region.table

data.frame with two columns:

Region.Label label for the region
Area area of the region

region.table has one row for each stratum. If there is no stratification then region.table has one entry with Area corresponding to the total survey area.

sample.table

data.frame mapping the regions to the samples (i.e. transects). There are three columns:

Sample.Label label for the sample
Region.Label label for the region that the sample belongs to.
Effort the effort expended in that sample (e.g. transect length).
obs.table

data.frame mapping the individual observations (objects) to regions and samples. There should be three columns:

object unique numeric identifier for the observation
Region.Label label for the region that the sample belongs to.
Sample.Label label for the sample
convert.units

conversion between units for abundance estimation, see "Units", below. (Defaults to 1, implying all of the units are "correct" already.)

method

optimization method to use (any method usable by optim or optimx). Defaults to "nlminb".

quiet

surpress non-essential messages (useful for bootstraps etc). Default value FALSE.

debug.level

print debugging output. 0=none, 1-3 increasing levels of debugging output.

initial.values

a list of named starting values, see mrds-opt. Only allowed when AIC term selection is not used.

Value

a list with elements:

ddf a detection function model object.
dht abundance/density information (if survey region data was supplied, else NULL).

Details

If abundance estimates are required then the data.frames region.table and sample.table must be supplied. If data does not contain the columns Region.Label and Sample.Label then the data.frame obs.table must also be supplied. Note that stratification only applies to abundance estimates and not at the detection function level.

Clusters/groups

Note that if the data contains a column named size and region.table, sample.table and obs.table are supplied, cluster size will be estimated and density/abundance will be based on a clustered analsis of the data. Setting this column to be NULL will perform a non-clustred analysis (for example if "size" means something else in your dataset).

Truncation

The right truncation point is by default set to be largest observed distance or bin end point. This is a default will not be appropriate for all data and can often be the cause of model convergence failures. It is recommended that one plots a histogram of the observed distances prior to model fitting so as to get a feel for an appropriate truncation distance. (Similar arguments go for left truncation, if appropriate). Buckland et al (2001) provide guidelines on truncation.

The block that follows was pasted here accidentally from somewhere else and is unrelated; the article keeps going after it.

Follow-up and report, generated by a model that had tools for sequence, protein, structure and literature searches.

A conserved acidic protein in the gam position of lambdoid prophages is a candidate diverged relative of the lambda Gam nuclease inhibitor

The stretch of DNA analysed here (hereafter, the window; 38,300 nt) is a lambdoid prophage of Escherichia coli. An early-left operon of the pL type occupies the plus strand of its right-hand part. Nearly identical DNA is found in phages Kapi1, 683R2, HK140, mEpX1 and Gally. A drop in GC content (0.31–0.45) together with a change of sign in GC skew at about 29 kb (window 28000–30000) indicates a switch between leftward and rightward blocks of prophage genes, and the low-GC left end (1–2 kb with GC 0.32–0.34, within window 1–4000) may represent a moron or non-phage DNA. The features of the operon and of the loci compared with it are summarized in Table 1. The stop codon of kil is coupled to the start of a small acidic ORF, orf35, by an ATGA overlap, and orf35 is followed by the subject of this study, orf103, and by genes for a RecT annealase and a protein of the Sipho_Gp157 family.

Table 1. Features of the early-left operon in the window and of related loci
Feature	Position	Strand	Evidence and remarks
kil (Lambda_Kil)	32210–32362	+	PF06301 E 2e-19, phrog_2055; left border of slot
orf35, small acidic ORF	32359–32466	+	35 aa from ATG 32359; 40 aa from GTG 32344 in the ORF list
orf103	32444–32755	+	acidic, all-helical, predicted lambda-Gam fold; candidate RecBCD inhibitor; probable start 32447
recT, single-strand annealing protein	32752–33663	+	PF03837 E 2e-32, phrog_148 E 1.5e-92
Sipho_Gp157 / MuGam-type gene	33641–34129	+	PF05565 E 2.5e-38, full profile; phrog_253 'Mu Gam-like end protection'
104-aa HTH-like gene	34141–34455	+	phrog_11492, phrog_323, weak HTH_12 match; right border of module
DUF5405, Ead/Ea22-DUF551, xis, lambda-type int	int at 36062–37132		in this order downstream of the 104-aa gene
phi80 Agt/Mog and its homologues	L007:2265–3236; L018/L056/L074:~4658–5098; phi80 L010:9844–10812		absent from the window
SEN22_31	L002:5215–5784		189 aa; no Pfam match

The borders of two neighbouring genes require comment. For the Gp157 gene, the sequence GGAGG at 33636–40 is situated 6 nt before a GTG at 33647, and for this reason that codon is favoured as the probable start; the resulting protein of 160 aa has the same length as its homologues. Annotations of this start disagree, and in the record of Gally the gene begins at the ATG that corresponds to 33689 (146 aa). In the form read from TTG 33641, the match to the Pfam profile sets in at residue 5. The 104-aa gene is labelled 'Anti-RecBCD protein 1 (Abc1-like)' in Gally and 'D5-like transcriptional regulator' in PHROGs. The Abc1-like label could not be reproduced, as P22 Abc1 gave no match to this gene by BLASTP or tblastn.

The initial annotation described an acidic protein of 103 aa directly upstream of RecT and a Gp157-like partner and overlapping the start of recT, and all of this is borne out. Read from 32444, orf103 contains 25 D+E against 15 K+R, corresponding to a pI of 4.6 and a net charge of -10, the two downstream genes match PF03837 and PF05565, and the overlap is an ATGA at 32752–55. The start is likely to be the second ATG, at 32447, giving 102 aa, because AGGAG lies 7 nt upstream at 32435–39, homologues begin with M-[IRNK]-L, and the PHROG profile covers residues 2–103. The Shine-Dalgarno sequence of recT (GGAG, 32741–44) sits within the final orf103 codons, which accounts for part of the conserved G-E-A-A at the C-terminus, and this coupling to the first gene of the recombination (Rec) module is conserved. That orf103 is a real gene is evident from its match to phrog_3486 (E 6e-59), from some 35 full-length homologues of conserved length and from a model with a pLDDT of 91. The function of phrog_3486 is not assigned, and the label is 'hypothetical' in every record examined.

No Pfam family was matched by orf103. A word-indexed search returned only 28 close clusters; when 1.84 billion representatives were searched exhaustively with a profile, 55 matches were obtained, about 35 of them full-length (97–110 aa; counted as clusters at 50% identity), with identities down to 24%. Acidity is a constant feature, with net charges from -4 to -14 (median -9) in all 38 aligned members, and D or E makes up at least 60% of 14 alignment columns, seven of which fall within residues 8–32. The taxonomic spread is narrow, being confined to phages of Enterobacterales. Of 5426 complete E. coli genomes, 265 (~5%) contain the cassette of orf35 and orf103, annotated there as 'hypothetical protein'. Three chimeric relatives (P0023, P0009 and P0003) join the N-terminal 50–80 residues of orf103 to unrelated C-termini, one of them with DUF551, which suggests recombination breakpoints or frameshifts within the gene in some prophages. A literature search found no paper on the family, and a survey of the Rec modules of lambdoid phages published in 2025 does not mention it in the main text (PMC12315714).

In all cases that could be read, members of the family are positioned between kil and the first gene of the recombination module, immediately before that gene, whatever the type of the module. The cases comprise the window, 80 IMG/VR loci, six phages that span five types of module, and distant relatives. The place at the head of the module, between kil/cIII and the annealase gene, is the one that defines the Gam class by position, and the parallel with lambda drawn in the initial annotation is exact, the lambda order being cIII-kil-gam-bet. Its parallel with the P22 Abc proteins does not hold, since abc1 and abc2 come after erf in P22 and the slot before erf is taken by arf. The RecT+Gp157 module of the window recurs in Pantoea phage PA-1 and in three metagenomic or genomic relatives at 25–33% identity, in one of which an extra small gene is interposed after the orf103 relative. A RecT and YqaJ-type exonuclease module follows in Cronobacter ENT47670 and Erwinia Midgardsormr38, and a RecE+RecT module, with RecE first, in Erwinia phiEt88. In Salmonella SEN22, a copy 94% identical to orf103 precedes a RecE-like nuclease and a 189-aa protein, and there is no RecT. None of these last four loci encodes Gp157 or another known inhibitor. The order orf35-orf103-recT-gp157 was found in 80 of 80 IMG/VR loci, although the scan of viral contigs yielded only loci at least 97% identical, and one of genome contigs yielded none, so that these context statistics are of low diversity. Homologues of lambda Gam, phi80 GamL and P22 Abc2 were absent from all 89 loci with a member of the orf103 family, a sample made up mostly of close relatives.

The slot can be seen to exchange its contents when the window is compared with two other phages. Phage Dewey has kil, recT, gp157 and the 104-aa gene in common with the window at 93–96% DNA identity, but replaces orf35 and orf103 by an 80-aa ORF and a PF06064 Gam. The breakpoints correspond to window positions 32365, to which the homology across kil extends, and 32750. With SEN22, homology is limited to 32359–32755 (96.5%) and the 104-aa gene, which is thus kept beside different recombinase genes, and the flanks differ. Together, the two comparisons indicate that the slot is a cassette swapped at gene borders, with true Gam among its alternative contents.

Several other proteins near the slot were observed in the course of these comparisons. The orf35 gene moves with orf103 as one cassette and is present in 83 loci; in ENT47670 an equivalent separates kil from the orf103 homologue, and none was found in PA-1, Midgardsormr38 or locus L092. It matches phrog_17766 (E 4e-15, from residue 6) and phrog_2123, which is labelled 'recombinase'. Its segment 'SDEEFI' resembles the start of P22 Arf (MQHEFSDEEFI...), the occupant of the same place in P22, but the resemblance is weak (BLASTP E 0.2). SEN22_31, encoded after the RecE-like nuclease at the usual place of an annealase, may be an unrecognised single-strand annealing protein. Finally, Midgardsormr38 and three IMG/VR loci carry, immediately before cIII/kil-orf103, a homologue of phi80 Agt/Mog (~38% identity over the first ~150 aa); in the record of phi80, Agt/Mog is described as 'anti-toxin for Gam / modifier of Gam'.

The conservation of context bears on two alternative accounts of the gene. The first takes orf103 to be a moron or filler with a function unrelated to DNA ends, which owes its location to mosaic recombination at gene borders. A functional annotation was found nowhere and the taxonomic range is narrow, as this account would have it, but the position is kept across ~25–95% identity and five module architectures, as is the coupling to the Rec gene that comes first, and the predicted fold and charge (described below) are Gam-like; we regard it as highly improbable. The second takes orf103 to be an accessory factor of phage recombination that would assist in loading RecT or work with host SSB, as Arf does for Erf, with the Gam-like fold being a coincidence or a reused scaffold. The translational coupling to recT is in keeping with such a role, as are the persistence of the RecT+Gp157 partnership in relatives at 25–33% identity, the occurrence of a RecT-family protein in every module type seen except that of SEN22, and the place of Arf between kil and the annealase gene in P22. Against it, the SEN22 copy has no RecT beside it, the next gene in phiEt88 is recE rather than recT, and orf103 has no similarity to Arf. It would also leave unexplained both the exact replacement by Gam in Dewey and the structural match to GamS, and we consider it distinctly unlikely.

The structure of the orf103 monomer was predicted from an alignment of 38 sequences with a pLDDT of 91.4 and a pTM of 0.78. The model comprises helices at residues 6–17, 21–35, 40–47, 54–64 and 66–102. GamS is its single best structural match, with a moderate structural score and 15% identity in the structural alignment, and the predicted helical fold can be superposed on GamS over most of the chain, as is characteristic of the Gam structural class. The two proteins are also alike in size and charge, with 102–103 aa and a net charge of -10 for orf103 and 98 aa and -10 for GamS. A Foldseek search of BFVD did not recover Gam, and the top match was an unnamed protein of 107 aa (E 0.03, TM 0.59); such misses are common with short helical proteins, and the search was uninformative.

When specified as a percentage, the largest right and smallest left percent distances are discarded. Percentages cannot be supplied when using binned data.

For left truncation, there are two options: (1) fit a detection function to the truncated data as is (this is what happens when you set left). This does not assume that g(x)=1 at the truncation point. (2) manually remove data with distances less than the left truncation distance – effectively move the centreline out to be the truncation distance (this needs to be done before calling ds). This then assumes that detection is certain at the left truncation distance. The former strategy has a weaker assumption, but will give higher variance as the detection function close to the line has no data to tell it where to fit – it will be relying on the data from after the left truncation point and the assumed shape of the detection function. The latter is most appropriate in the case of aerial surveys, where some area under the plane is not visible to the observers, but their probability of detection is certain at the smallest distance.

@section Binning: Note that binning is performed such that bin 1 is all distances greater or equal to cutpoint 1 (>=0 or left truncation distance) and less than cutpoint 2. Bin 2 is then distances greater or equal to cutpoint 2 and less than cutpoint 3 and so on.

Monotonicity

When adjustment terms are used, it is possible for the detection function to not always decrease with increasing distance. This is unrealistic and can lead to bias. To avoid this, the detection function can be constrained for monotonicity (and is by default for detection functions without covariates).